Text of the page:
Covey v. Colonial Pipeline Company et al

Filing 155

MEMORANDUM OPINION on motion for reconsideration. Signed by Judge R David Proctor on 4/1/2021. Associated Cases: 2:18-cv-01121-RDP, 2:19-cv-00923-RDP, 2:19-cv-01507-RDP(KAM)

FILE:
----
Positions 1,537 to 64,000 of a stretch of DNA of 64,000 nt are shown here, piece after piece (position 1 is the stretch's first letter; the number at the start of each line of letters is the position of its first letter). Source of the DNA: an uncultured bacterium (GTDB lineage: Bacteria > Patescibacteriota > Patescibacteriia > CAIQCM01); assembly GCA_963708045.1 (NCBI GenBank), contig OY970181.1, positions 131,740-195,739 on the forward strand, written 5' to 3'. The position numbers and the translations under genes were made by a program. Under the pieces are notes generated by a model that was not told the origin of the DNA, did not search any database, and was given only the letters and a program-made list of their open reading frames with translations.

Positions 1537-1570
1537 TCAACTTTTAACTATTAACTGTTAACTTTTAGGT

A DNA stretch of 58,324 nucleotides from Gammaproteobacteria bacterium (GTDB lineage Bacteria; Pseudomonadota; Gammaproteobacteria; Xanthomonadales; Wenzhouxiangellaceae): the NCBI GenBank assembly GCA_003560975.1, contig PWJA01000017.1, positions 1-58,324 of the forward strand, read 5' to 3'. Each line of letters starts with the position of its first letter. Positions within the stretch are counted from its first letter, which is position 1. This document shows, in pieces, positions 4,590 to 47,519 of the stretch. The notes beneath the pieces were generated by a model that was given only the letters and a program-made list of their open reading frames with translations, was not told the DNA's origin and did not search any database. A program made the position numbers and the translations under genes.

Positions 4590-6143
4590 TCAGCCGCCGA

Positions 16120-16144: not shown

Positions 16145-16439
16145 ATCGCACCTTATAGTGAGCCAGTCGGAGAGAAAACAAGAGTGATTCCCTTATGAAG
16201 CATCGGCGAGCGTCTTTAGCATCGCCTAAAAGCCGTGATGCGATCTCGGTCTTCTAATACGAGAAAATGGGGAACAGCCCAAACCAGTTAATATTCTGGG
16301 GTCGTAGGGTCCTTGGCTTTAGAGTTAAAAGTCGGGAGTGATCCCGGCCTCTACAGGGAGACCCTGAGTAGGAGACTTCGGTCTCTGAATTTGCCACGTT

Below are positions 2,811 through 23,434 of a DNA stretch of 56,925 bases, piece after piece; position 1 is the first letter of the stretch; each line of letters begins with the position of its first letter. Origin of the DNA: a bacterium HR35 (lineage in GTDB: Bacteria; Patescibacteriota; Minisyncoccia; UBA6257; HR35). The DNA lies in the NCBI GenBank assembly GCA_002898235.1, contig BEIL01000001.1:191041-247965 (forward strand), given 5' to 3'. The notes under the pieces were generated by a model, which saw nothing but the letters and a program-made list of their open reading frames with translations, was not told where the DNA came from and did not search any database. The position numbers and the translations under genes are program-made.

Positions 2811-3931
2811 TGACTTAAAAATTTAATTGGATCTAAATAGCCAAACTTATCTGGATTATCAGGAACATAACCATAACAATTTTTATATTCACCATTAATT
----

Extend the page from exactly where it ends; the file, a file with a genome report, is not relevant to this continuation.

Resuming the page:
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FILED 2021 Apr-01 PM 03:42 U.S. DISTRICT COURT N.D. OF ALABAMA UNITED STATES DISTRICT COURT FOR THE NORTHERN DISTRICT OF ALABAMA SOUTHERN DIVISION JOHN CHRISTOPHER COVEY, Plaintiff, v. COLONIAL PIPELINE COMPANY, et al., Defendants. } } } } } } } } } } HUGH GERALD DELAUGHDER, JR., et } } al., } } Plaintiffs, } } v. } } COLONIAL PIPELINE COMPANY, et } al., } } Defendants. BEVERLY KAY WILLINGHAM, Individually and as Administratrix of the Estate of ANTHONY LEE WILLINGHAM, deceased, Plaintiffs, v. COLONIAL PIPELINE COMPANY, et al., Defendants. } } } } } } } } } } } } } Case No.: 2:18-CV-01121-RDP Case No.: 2:19-CV-923-RDP Case No.: 2:19-CV-01507-RDP MEMORANDUM OPINION Before the court is a Motion for Reconsideration and/or Clarification filed by Glenda G. Cochran and Glenda Cochran Associates, LLC (collectively, “Cochran”). (Doc. # 141). In that Motion, Cochran requests the court to revisit its January 25, 2021 Memorandum Opinion and Order (Docs. # 124, 125) and (1) reconsider whether attorney’s fees were warranted as a sanction against her because there was no finding that she acted in bad faith and (2) clarify that she did not receive work product of such a nature that would require her disqualification. (Doc. # 141). In its response to Cochran’s Motion to Reconsider (id.), Defendant L.E. Bell filed an alternative Motion to Reconsider Order Declining to Disqualify Cochran in which L.E. Bell requests the court modify its January 25, 2021 Memorandum Opinion and Order (Docs. # 124, 125) and disqualify Cochran. (Doc. # 148). Those Motions have been briefed and are ripe for consideration. (Docs. # 141, 148, 149). I. Standard of Review “A motion to reconsider is only available when a party presents the court with evidence of an intervening change in controlling law, the availability of new evidence, or the need to correct clear error or manifest injustice.” Summit Medical Center of Alabama, Inc. v. Riley, 284 F. Supp. 2d 1350, 1355 (M.D. Ala. 2003); see Fox v. Tyson Food, Inc., 2007 WL 6477624, at *1 (N.D. Ala. Aug. 31, 2007) (same). The grant or denial of a motion to reconsider is left to the discretion of the district court. See Chapman v. AI Transport, 229 F.3d 1012, 1023-24 (11th Cir. 2000). However, reconsideration is “an extraordinary remedy which must be used sparingly.” Jackson v. Wesley, 2011 WL 2144696, *1 (M.D. Fla. May 31, 2011); see Garrett v. Stanton, 2010 WL 320492, *2 (S.D. Ala. 2010) (quoting Gougler v. Sirius Products, Inc., 370 F. Supp. 2d 1185, 1189 (S.D. Ala. 2005)) (“In the interests of finality and conservation of scarce judicial resources, reconsideration of an order is an extraordinary remedy and is employed sparingly.”). As other courts have 2 acknowledged: Far too often, litigants operate under the flawed assumption that any adverse ruling ... confers upon them license to move for reconsideration, vacatur, alteration or amendment as a matter of course, and to utilize that motion as a platform to criticize the judge’s reasoning, to relitigate issues that have already been decided, to champion new arguments that could have been made before, and otherwise to attempt a “do-over” to erase a disappointing outcome. This is improper. Garrett, 2010 WL 320492 at *2. II. Analysis The court held oral argument on these Motions, along with L.E. Bell’s Motion to Certify Questions Regarding Standards for Disqualification for § 1292(b) Appeal (Doc. # 136), on March 23, 2021. Although, ultimately, both motions are due to be denied because they lack merit, upon further review of the record and after considering events in the parallel state proceedings and the arguments raised at the March 23, 2021 hearing, the court finds it necessary to revisit the sanctions it imposed on Cochran. (Docs. # 124, 125). A. Cochran’s Request for Reconsideration Cochran first asserts that the court erred in its January 25, 2021 Memorandum Opinion and Order (Docs. # 124, 125) because the court sanctioned Cochran without finding that Cochran acted in bad faith. (Doc. # 141 at 4-9). According to Cochran, a federal court cannot sanction a litigant without first finding that litigant acted in bad faith. (Id.). As support for this proposition, Cochran cites only to cases in which a litigant was sanctioned under either the court’s inherent powers or 18 U.S.C. § 1927.1 See, e.g., Hyde v. Irish, 962 F.3d 1306, 1310 (11th Cir. 2020) (“A sanctions motion under either a court’s inherent powers or § 1927 requires a showing that the party acted in bad faith.”); Thomas v. Tenneco Packaging Co., 293 F.3d 1306, 1320 (11th Cir. 2002) (citations The text of 28 U.S.C. 1927 permits courts to sanction attorneys who “multipl[y] the proceedings in any case unreasonably and vexatiously.” 1 3 omitted) (“Hence, before a court can impose sanctions against a lawyer under its inherent power, it must find that the lawyer’s conduct ‘constituted or was tantamount to bad faith.’”); Hernandez v. Acosta Tractors Inc., 898 F.3d 1301, 1306 (11th Cir. 2018) (stating that before sanctioning a party pursuant to its inherent authority, a court “must make a finding that the sanctioned party acted with subjective bad faith.”). To be clear, in sanctioning Cochran, the court relied on neither its inherent power nor § 1927. Federal Rule of Civil Procedure 83 and 28 U.S.C. § 2071 each provide authority for federal courts to adopt local rules for the proper administration of judicial business. See Zambrano v. City of Tustin, 885 F.2d 1473, 1479 (9th Cir. 1989). And, pursuant to Local Rule 83.1(f), attorneys appearing before this court are governed by the Alabama Rules of Professional Conduct (“Alabama Rules”) to the extent the Alabama Rules are not inconsistent with the court’s local rules. Therefore, in a case involving an alleged violation of the Alabama Rules, it is the text of the Alabama Rules that governs the applicable standard — not a bad faith standard imposed by common law. See, e.g., Matter of Hawk, 2016 WL 7157977, at *9 (N.D. Ga. Dec. 6, 2016) (citations omitted) (“Importantly, [Georgia] Rule 5.3 does not require that an attorney be aware of his or her assistant’s misconduct because violations of this rule rest on the lawyer’s supervisory failures, not upon participation in or knowledge of the assistant’s misconduct. Thus, a lawyer may violate [Georgia] Rule 5.3 through negligent supervision.”). The court’s opinion concluded that Cochran violated Alabama Rules 4.4(a), 4.4(b), and 5.3(b) by obtaining confidential information subject to the work-product privilege. (Doc. # 124). As such, the language of those rules determines the applicable ethical standard. And, the language in none of those rules imposes a bad-faith standard. See Alabama Rule 4.4(a) (barring attorneys from “us[ing] means that have no substantial purpose other than to embarrass, delay, or burden a 4 third person, or us[ing] methods of obtaining evidence that violate the legal rights of such a person”); Alabama Rule 4.4(b) (requiring any “lawyer who receives a document that on its face appears to be subject to the attorney-client privilege or otherwise confidential[ ] and who knows or reasonably should know that the document was inadvertently sent [to] promptly notify the sender”); Alabama Rule 5.3(b) (requiring a lawyer who has “direct supervision” over a nonlawyer to make “reasonable efforts to ensure that the [nonlawyer]’s conduct is compatible with the professional obligations of the lawyer”).2 Therefore, with regard to the first issue, Cochran has failed to show “an intervening change in controlling law, the availability of new evidence, or the need to correct clear error or manifest injustice.” Summit Medical Center of Alabama, Inc., 284 F. Supp. 2d at 1355.3 Cochran next requests that the court “(1) [specify] exactly what information that … was actually shared by Barker with Cochran, and (2) [clarify] that [information] did not include anything that qualifies as the type of ‘confidential’ work product that would give Cochran any unfair advantage in this litigation or otherwise require her disqualification.” (Doc. # 141 at 10). The rationale and nature of the two clarification requests are essentially the same — in light of Defendant L.E. Bell’s petition for mandamus (currently pending before the Eleventh Circuit) in which L.E Bell asserts the court applied the wrong legal standard in its January 25, 2021 Memorandum Opinion and Order (Docs. # 124, 125), Cochran believes that the court could 2 In reviewing an ethical rule similar to Alabama Rule 4.4(a), at least one court has concluded the applicable standard is one of due care. See Calise v. Brady Sullivan Harris Mills, LLC, No. 18-9WES, 2019 WL 1397245, at *9 (D.R.I. Mar. 28, 2019) (concluding a rule similar to Alabama Rule 4.4(a) imposes “an affirmative duty to proceed with due care”). 3 Along similar lines, Cochran cites a line of cases holding “inadvertent exposure to work product can rarely, if ever, serve as the basis for disqualification.” (Doc. # 141 at 15-17). Not only do these cases have little bearing on this matter (because the court did not disqualify Cochran), these cases are also irrelevant because Cochran’s exposure to work product was brought about, not by inadvertence, but rather by her negligence in failing to act with due care. (Doc. # 124 at 20-21). 5 preempt “any confusion on the part of the Eleventh Circuit” by acknowledging that her ethical violations were de minimis. (Doc. # 141 at 10).4 But, in doing so, Cochran repeats the same arguments she made in her briefing on the disqualification motion (e.g., Barker testified he did not share any confidential information, no harm occurred because Cochran already knew the causation theories that Barker shared with her, Barker developed causation theories of his own accord). (Id. at 9-18). As other courts have noted, such an attempt “to relitigate issues that have already been decided … is improper.” Garrett, 2010 WL 320492, at *2. But, Cochran’s arguments would fail regardless. Although Barker testified he “would not have told [ ] Cochran … [ ] what [an attorney for L.E. Bell] said at any point,” (Doc. # 116-15 at 187:25-188-2), whether Barker, a non-lawyer, stated he did not provide Cochran with information he discussed with attorneys is not determinative of whether Barker did, in fact, provide Cochran with information protected by work-product privilege.5 And, whether Cochran developed causation theories before meeting with Barker is irrelevant to whether L.E. Bell was prejudiced by Cochran being able to confirm L.E. Bell’s litigation strategy.6 Lastly, Barker’s involvement with L.E. Bell’s legal team is more extensive than asserted by Cochran in her Motion to Reconsider. As Cochran maintains that these clarifications would also help “avoid protracted wrangling over discovery as now threatened by L.E. Bell.” (Doc. # 141 at 10). But, Cochran does not explain how the court clarifying the extent and nature of Cochran’s ethical violations in the past could help the parties with discovery disputes in the future. Furthermore, to be clear to all parties, there will not be any protracted wrangling over discovery in this case. 4 5 Cochran also argues she was not exposed to any material protected by work-product privilege because “there is no evidence that Barker ever attributed any of the various ‘causation theories’ to counsel for L.E. Bell (or any other counsel).” But, the work-product doctrine protects work product created by non-attorneys at the direction of an attorney. See 8 Wright & Miller, Fed. Prac. & Proc. Civ. § 2024 (3d ed. 2010) (stating that despite the text of Rule 26(b)(3), the work-product privilege doctrine “continues to furnish protection for work product within its definition that is not embodied in tangible form”); United States v. Nobles, 422 U.S. 225, at 238-39 (1975) (“It is therefore necessary that the doctrine protect material prepared by agents for the attorney as well as those prepared by the attorney himself.” (footnote omitted)). To the extent that Barker developed the causation theories at the request of L.E. Bell’s legal team, those causation theories are protected by work-product privilege. 6 As noted in the Memorandum Opinion, any prejudice appears nonexistent (or, at most, minimal) because the information was incomplete, L.E. Bell had not yet incorporated any purported causation theories into a trial strategy, and Cochran is not adverse to L.E. Bell in any pending fault-based litigation. (Doc. # 124 at 21). 6 stated in the Memorandum Opinion: “Not only did Barker work with L.E. Bell in gathering and analyzing facts later provided to OSHA and the NTSB, he also worked with L.E. Bell’s legal counsel, employees of L.E. Bell, and outside consultants to develop theories of what caused the explosion and who might be legally responsible.” (Doc. # 124 at 4). Because Cochran’s legal arguments are without merit, she has failed to show the necessary “need to correct clear error or manifest injustice.” Summit Medical Center of Alabama, Inc., 284 F. Supp. 2d at 1355. For all these reasons, Cochran’s request for reconsideration is due to be denied. B. L.E. Bell’s Request for Reconsideration L.E. Bell’s request that the court reconsider Cochran’s disqualification fares no better. L.E. Bell maintains that the court’s factual findings in its January 25, 2021 Memorandum Opinion and Order (Doc. # 124) required the court to disqualify Cochran. (Doc. # 148 at 18-24). L.E. Bell repeats the same arguments that it has raised before: (1) the pertinent disqualification standard for Alabama Rule 4.4, as set forth in Martinez v. Cty of Antelope, Nebraska, 2016 WL 3248241 (D. Neb., June, 13, 2016), requires disqualification; (2) Alabama Rules 1.9(a) and 5.3(b) require disqualification if a party improperly obtains information protected by work-product privilege; and (3) prejudice is presumed whenever a party improperly obtains information protected by workproduct privilege. (Doc. # 148 at 18-24). Because the court has already rejected all of these arguments, L.E. Bell’s attempt “to relitigate issues that have already been decided … is improper.” Garrett, 2010 WL 320492, at *2. But, as with Cochran’s motion to reconsider, L.E. Bell’s arguments fail regardless as a matter of law. Precedent, both binding and persuasive, clearly holds that violation of an ethical rule does not require a court to grant a disqualification motion; indeed, whether disqualification is 7 appropriate depends on the underlying violation. See Herrmann v. GutterGuard, Inc., 199 F. App’x 745, 752 (11th Cir. 2006) (applying Florida law) (quoting Norton v. Tallahassee Mem’l Hosp., 689 F.2d 938, 941 n.4 (11th Cir. 1982)) (“A disqualification order is a harsh sanction, often working substantial hardship on the client and should therefore be resorted to sparingly.”) (internal quotation marks omitted); Norton, 689 F.2d at 941 (acknowledging that a violation of Canon 9 of Florida’s Code of Professional Responsibility should not automatically give rise to disqualification); Clark v. Alfa Ins. Co., 2001 WL 34394281, at *3 (N.D. Ala. Feb. 7, 2001) (“Upon [finding a party violated an applicable rule of conduct], the court may then, considering binding and persuasive federal case law, decide whether or not the ethical lapse warrants disqualification.”); Nuri v. PRC, Inc., 5 F. Supp. 2d 1299, 1304 (M.D. Ala. 1998) (citations omitted) (“[V]iolations come in varying degrees of severity, but disqualification is always a drastic measure, which courts should hesitate to impose except when absolutely necessary.”). A review of the record shows disqualifying Cochran here is too harsh a remedy. The January 25, 2021 Memorandum Opinion and Order (Docs. # 124, 125) concluded that Cochran violated the Alabama Rules by receiving confidential work product from Barker and by not taking remedial steps to remedy that receipt as well as by hiring Barker as a consultant without taking “reasonable efforts” to ensure that consulting relationship conformed to the ethical obligations of the profession. But, the court found those ethical violations were not due to bad faith and caused L.E. Bell minimal -if any -- prejudice. (Doc. # 125 at 19-21). Cochran testified (and it is undisputed) that she took some steps to ensure that she did not learn confidential information from Barker, including by expressly telling him not to tell her anything that L.E. Bell’s lawyers had said in his presence. (Doc. # 119-2 ¶ 25-26). Although such measures were ultimately insufficient with regard to workproduct privilege, those measures evidenced an intent to abide by the Alabama Rules and not an 8 intent to harm L.E. Bell or any other party to this litigation. And, as repeatedly pointed out by the court, Cochran has no pending claims against L.E. Bell other than those raised in the no-fault worker’s compensation case pending in state court. In light of the record, L.E. Bell has failed to provide the court with a compelling reason for Cochran’s disqualification. See In re BellSouth Corp., 334 F.3d 941, 961 (11th Cir. 2003) (“Because a party is presumptively entitled to the counsel of his choice, that right may be overridden only if ‘compelling reasons’ exist.”). L.E. Bell’s last point is that prejudice must be assumed whenever counsel for a party obtains confidential information from another party. (Doc. # 148 at 21-24). Like L.E. Bell’s other points, the court has already considered and rejected this argument. (Doc. # 125 at 19 n.13). In instances where a party wrongfully obtains confidential information, courts within this circuit have often looked to whether the party originally in possession of that information incurred prejudice to determine appropriate sanctions. See, e.g., Nuri, 5 F. Supp. 2d at 1305. L.E. Bell has not provided the court with any convincing reason to deviate from this case law and presume prejudice. For all these reasons, L.E. Bell’s request for reconsideration is due to be denied. C. The Sanctions Imposed on Cochran are Due to be Revisited Based upon the arguments advanced during the March 23, 2021 hearing and also in consideration of Judges Moore and Conwill’s rulings on these matters, the court finds it necessary to revisit the monetary sanctions imposed on Cochran by the January 25, 2021 Memorandum Opinion and Order (Docs. # 124, 125). Though Judges Moore and Conwill adopted a portion of the court’s January 25, 2021 Memorandum Opinion, they did not adopt the part of the Order that relates to sanctions. See Webster v. Colonial Pipeline Co., No. 58-CV-2017-901175 (Shelby Cty. Ct. Ala.) (Doc. # 587); Gentry v. Colonial Pipeline Co., No. 58-CV-2018-900789 (Shelby Cty. Ct. Ala.) (Doc. # 159); Wright v. Colonial Pipeline Co., No. 58-CV-2018-901017 (Shelby Cty. Ct. 9 Ala.) (Doc. # 149). Judges Moore and Conwill are obviously very conversant with the Alabama Rules. So, their partial adoption of the court’s Memorandum Opinion and Order has encouraged the court to review its analysis.7 In particular, the court believes its analysis under Alabama Rules 1.9(a) and 5.3(b) is in need of revision. The court reconsiders this issue sua sponte. See Cook v. Campbell, 2008 WL 2039487, at *2 (N.D. Ala. May 12, 2008) (citing Lavespere v. Niagara Machine & Tool Works, 910 F.2d 167, 185 (5th Cir. 1990)) (“The rule in Lavespere permits the court ‘to reconsider and reverse’ an interlocutory order ‘for any reason it deems sufficient, even in the absence of new evidence or an intervening change in or clarification of the substantive law.’”). Under Alabama Rule 5.3(b), a lawyer who has “direct supervision” over a nonlawyer must make “reasonable efforts to ensure that the [nonlawyer]’s conduct is compatible with the professional obligations of the lawyer.” In other words, Alabama Rule 5.3(b) requires lawyers to ensure that nonlawyers under their supervision comply with the Alabama Rules. In its Amended Motion to Disqualify, L.E. Bell argued that Cochran violated Rule 5.3(b) by failing to ensure that Barker complied with Alabama Rule 1.9(a), which governs conflicts of interests. (Doc. # 116-1 at 48-50). And, under Alabama Rule 1.9(a), a lawyer who has formally represented a client may not “[r]epresent another person in the same or a substantially related matter in which that person’s interests are materially adverse to the interests of the former client, unless the former client consents after consultation.” L.E. Bell claimed that Barker, through his work on the L.E. Bell legal team, was barred from assisting Cochran under Alabama Rule 1.9(a) and that Cochran violated At the hearing, counsel for L.E. Bell seemed to assert that Judges Moore and Conwill “rubber-stamped” this court’s analysis. For example, counsel noted that Judges Moore and Conwill have not had an opportunity to review the entire record, particularly the sealed portions of it. However, the court believes that its January 25, 2021 Memorandum Opinion and Order (Docs. # 124, 125) adequately and accurately portrayed the entire record in this case. Furthermore, a review of the Orders filed by Judges Moore and Conwill partially adopting the January 25, 2021 Memorandum Opinion shows Judges Moore and Conwill “reviewed the pleadings of record in the [state] cases and the pleadings of record in [the] related cases before [Judge Proctor].” Webster, No. 58-CV-2017-901175 (Doc. # 587 at 1); Gentry, No. 58-CV-2018-900789 (Doc. # 159 at 1); Wright, No. 58-CV-2018-901017 (Doc. # 149 at 1). 7 10 Alabama Rule 5.3(b) by failing to ensure that Barker complied with Alabama Rule 1.9(a). (Id.). The court determined that “Barker’s involvement in developing causation and liability theories for L.E. Bell [ ] exposed him to confidential information protected by work-product privilege” and “[b]ecause of that exposure, [Alabama] Rule 1.9(a) therefore prohibit[ed] Barker from assisting Cochran.” (Doc. # 125 at 17-18). The court further determined that Cochran violated Alabama Rule 5.3(b) by failing to take reasonable efforts “to ensure that Barker was not violating [Alabama] Rule 1.9(a) or any other Rule by working for her as a consultant.” (Id. at 18). In making those determinations, the court assumed without actually deciding that L.E. Bell and Cochran were materially adverse for purposes of Alabama Rule 1.9(a). The parties did not brief the issue of material adversity. (Docs. # 116-1, 119, 120).8 But, L.E. Bell placed great emphasis on this point at oral argument. After considering the arguments raised at the hearing conducted on March 23, 2021, the court now concludes: (1) L.E. Bell and Cochran’s representation of Delaughder are not materially adverse under Alabama Rule 1.9(a), (2) Cochran did not violate Alabama Rule 5.3(b) by hiring Barker and learning causation theories from him, and (3) the court should revisit the issue of sanctions imposed on Cochran by the court’s January 25, 2021 Memorandum Opinion and Order (Docs. # 124, 125). Like other statutes and texts, interpreting Alabama Rule 1.9(a) begins with the text. Where the text is clear (such as in this matter) that analysis ends. See Ross v. Blake, 136 S. Ct. 1850, 1856 (2016) (citation omitted) (“Statutory interpretation, as we always say, begins with the text.”); Singh v. United States Attorney General, 945 F.3d 1310, 1314 (11th Cir. 2019) (citation omitted) (“Our analysis begins and ends with the statutory text.”). “[M]aterial advers[ity]” under Alabama Rule In tailoring sanctions to Cochran’s actions, the court expressly acknowledged “[a]lthough Cochran obtained work product from another party to the litigation, that work product was not that of an adverse party.” (Doc. # 125 at 20). 8 11 1.9(a) requires more than a vague assertion that parties might be adverse or could become adverse at some point in the future; the text of Alabama Rule 1.9(a) requires that the party being sanctioned represent a client with interests “materially adverse to the interests of the former client.” See Ewing v. Moore, No. 7:17-cv-00743-LSC, 2018 WL 1886700, at *1 (N.D. Ala. Apr. 19, 2018) (“[Moveants] must then show that the current matter is substantially related and materially adverse to [the former client’s] interests.” (emphasis added)); Herrmann, 199 F. App’x at 753 (“The second step in determining whether [nonmoveant] has violated [Georgia] Rule 1.9(b) is deciding whether the interests of the clients in the former and present representations are materially adverse.”). L.E. Bell has advanced three theories for why its interests are materially adverse to Cochran’s interests and, as a result of that material adversity, how it could incur prejudice.9 None of those theories hold merit. First, L.E. Bell has argued that “Barker’s disclosure of L.E. Bell’s causation theories to Cochran confirmed what her opponent’s discovery and trial strategy would be.” (Doc. # 120-1 at 24). But, L.E. Bell’s argument assumes that L.E. Bell and Cochran are, in fact, opponents. That is simply not the case. Cochran only has one suit pending against L.E. Bell — a no-fault worker’s compensation suit. Under Alabama law, in accordance with the Alabama Worker’s Compensation Act, § 25-5-1 et seq., Ala. Code 1975, “an employer must pay compensation for, and provide medical benefits as to, its employee's injury that is caused by ‘an accident arising out of and in the course of [his or her] employment’ without regard to the negligence of the employer or the employee.’” Ex Parte Patton, 77 So.3d 591, 593 (Ala. 2011) (quoting Brown v. Patton, 77 So.3d 587, 589 (Ala. Civ. App. 2009)). Because the Alabama Worker’s Compensation Act is a no-fault 9 Because prejudice often results from parties being materially adverse, the two concepts are intertwined. For purposes of determining whether L.E. Bell is materially adverse to Cochran, however, the court will also consider L.E. Bell’s arguments as to how it could incur prejudice. 12 statute, anything Cochran has learned of L.E. Bell’s causation theories (i.e., theories as to who is at fault) is irrelevant to her only pending suit against L.E. Bell.10 For this reason, Cochran’s pending worker’s compensation lawsuit fails to establish material adversity.11 Second, L.E. Bell has asserted that Cochran has “been de facto serving as lead counsel for the plaintiffs in the Colonial Pipeline Cases” and that, as a result of that alleged role, Cochran could leak confidential information or use that information to the detriment of L.E. Bell. (Doc. # 69 at 2-3). According to L.E. Bell, Cochran’s interactions with other counsel in this consolidated litigation could cause prejudice to L.E. Bell (and potentially qualify as material adversity). The court finds this argument unconvincing. As an initial matter, the court will not attribute material adversity to Cochran solely because counsel for the various Plaintiffs are suing L.E. Bell and coordinating discovery with her. The court has confirmed that Cochran has not leaked any information from Barker to other counsel. And, there is no doubt good reason for that. Any leak that would help counsel in other cases to pin culpability on L.E. Bell would actually work against Cochran and her client’s interests. Cochran and her client seek to prove entities other than L.E. Bell are responsible for the pipeline explosion. Helping other counsel establish L.E. Bell’s At the hearing, counsel for L.E. Bell made the puzzling assertion that Cochran may try to assert L.E. Bell’s negligence in the worker’s compensation action. But, despite being questioned by the court, L.E. Bell’s counsel could not provide the context in which that might occur or how it could, in any way, shape, or form, affect the worker’s compensation action. 10 11 In the alternative, the court rejects this argument because Cochran’s worker’s compensation suit is not “substantially related” under Rule 1.9(a) to any action where Barker’s work with L.E. Bell’s legal team (and the causation theories developed through that work) could become legally relevant. “When determining whether prior and present matters are substantially related, the focus of the court’s inquiry “‘should be on the precise nature of the relationship between the present and former representations.’” Herrmann, 199 F. App’x at 752 (quoting Duncan v. Merrill Lynch, 646 F.2d 1020, 1029 (5th Cir. Unit B 1981), overruled on other grounds, Gibbs v. Paluk, 742 F.2d 181 (5th Cir. 1984)). “[T]he [substantial relationship] test entails inquiry into the similarity between the factual situations, the legal issues posed, and the nature and extent of the attorney’s involvement to see if information from the prior representation is material to the new representation.” Ex parte Regions Bank, 914 So.2d 843, 848 (Ala. 2005) (quotations omitted). Because the legal issues posed in Cochran’s worker’s compensation suit differ from the legal issues arising in the cases in which L.E. Bell’s causation theories could become relevant, the court concludes this argument fails to satisfy Alabama Rule 1.9(a)’s standard. 13 culpability would in that instance work against her.12 Moreover, this attribution theory fails for the simple reason that there is no indication Cochran has “leaked” any knowledge she obtained from Barker to counsel for the other Plaintiffs or used that information in any nefarious fashion.13 At the March 23, 2021 hearing, the court directed counsel for the various Plaintiffs to inform the court whether they had any conversations with Cochran regarding her interactions with Barker — the indication from each officer of the court was that no such conversations had occurred. Lastly, at the hearing, counsel for L.E. Bell argued that L.E. Bell is materially adverse to Cochran because L.E. Bell has an indemnity agreement with Colonial Pipeline by which L.E. Bell must indemnify Colonial Pipeline except in cases of gross negligence. (See Doc. # 71-1 at 12). L.E. Bell argued that because Cochran is materially adverse to Colonial Pipeline in Delaughder v. Colonial Pipeline Co., 19-cv-923 (N.D. Ala.), the indemnity agreement between L.E. Bell and Colonial Pipeline means that Cochran must also be materially adverse to L.E. Bell. As support for this argument, L.E. Bell referenced a case from the District of Connecticut in which a court analyzed “counsel[’s] [prior] represent[ation of] the movant’s parent or affiliate company.” Colorpix Sys. of Am. v. Broan Mfg. Co., Inc., 131 F. Supp. 2d 331, 336 (D. Conn. 2001). But, that case is wholly inapposite. Affiliate companies, in some situations, have interests so similar to one another that representing a company may evoke a “vicarious” attorney-client relationship for affiliate companies. See id. L.E. Bell and Colonial Pipeline have no such parent-subsidiary or affiliate relationship. The two companies do not share similar management personnel or a legal department; nor does one company supervise the other’s litigation. See id. at 336-37 (concluding 12 These federal cases are consolidated and in each case claims related to the same pipeline explosion have been made; therefore, there is a substantial possibility that they will be tried together. Cochran and Delaughder are suing Colonial Pipeline and Superior Land Designs LLC. The court’s January 25, 2021 Memorandum Opinion and Order (Docs. # 124, 125) also prohibited Cochran from retaining any documents she received from Barker and from discussing with anyone the contents of her conversation with Barker until the conclusion of this litigation. 13 14 these factors weigh against a finding that a party is a “vicarious client” of his opposing counsel). And, as counsel for Cochran pointed out at the hearing, Cochran’s interests are aligned with L.E. Bell’s interests; Cochran is seeking to establish Colonial Pipeline acted with gross negligence, which would absolve L.E. Bell of liability under the indemnification agreement. The existence of an indemnity agreement between L.E. Bell and Colonial Pipeline, in combination with Cochran’s suit against Colonial Pipeline, does not establish material adversity under Alabama Rule 1.9(a). Accordingly, because Cochran is not materially adverse to L.E. Bell, the court concludes that Cochran has not violated Alabama Rule 5.3(b). Because Cochran’s only ethical violation relates to Alabama Rules 4.4(a) and 4.4(b) (and her failure to take action after receiving an annotated report), the sanctions given in the court’s January 25, 2021 Order are therefore in need of revision. III. Conclusion Accordingly, Cochran’s Motion for Reconsideration and/or Clarification (Doc. # 141) and L.E. Bell’s motion requesting the court modify its January 25, 2021 Memorandum Opinion and Order (Docs. # 124, 125) and disqualify Cochran (Doc. # 148) are due to be denied. Although the financial sanctions imposed by the court’s January 25, 2021 Order (Doc. # 125) are due to be revisited for all of the reasons described above, because L.E. Bell has indicated it will continue to challenge the decision not to disqualify Cochran, it would be premature to go forward with an analysis of any such financial sanctions now. Thus, the court’s determination of appropriate financial sanctions is due to be stayed. A separate Order will be entered. 15 DONE and ORDERED this April 1, 2021. _________________________________ R. DAVID PROCTOR UNITED STATES DISTRICT JUDGE 16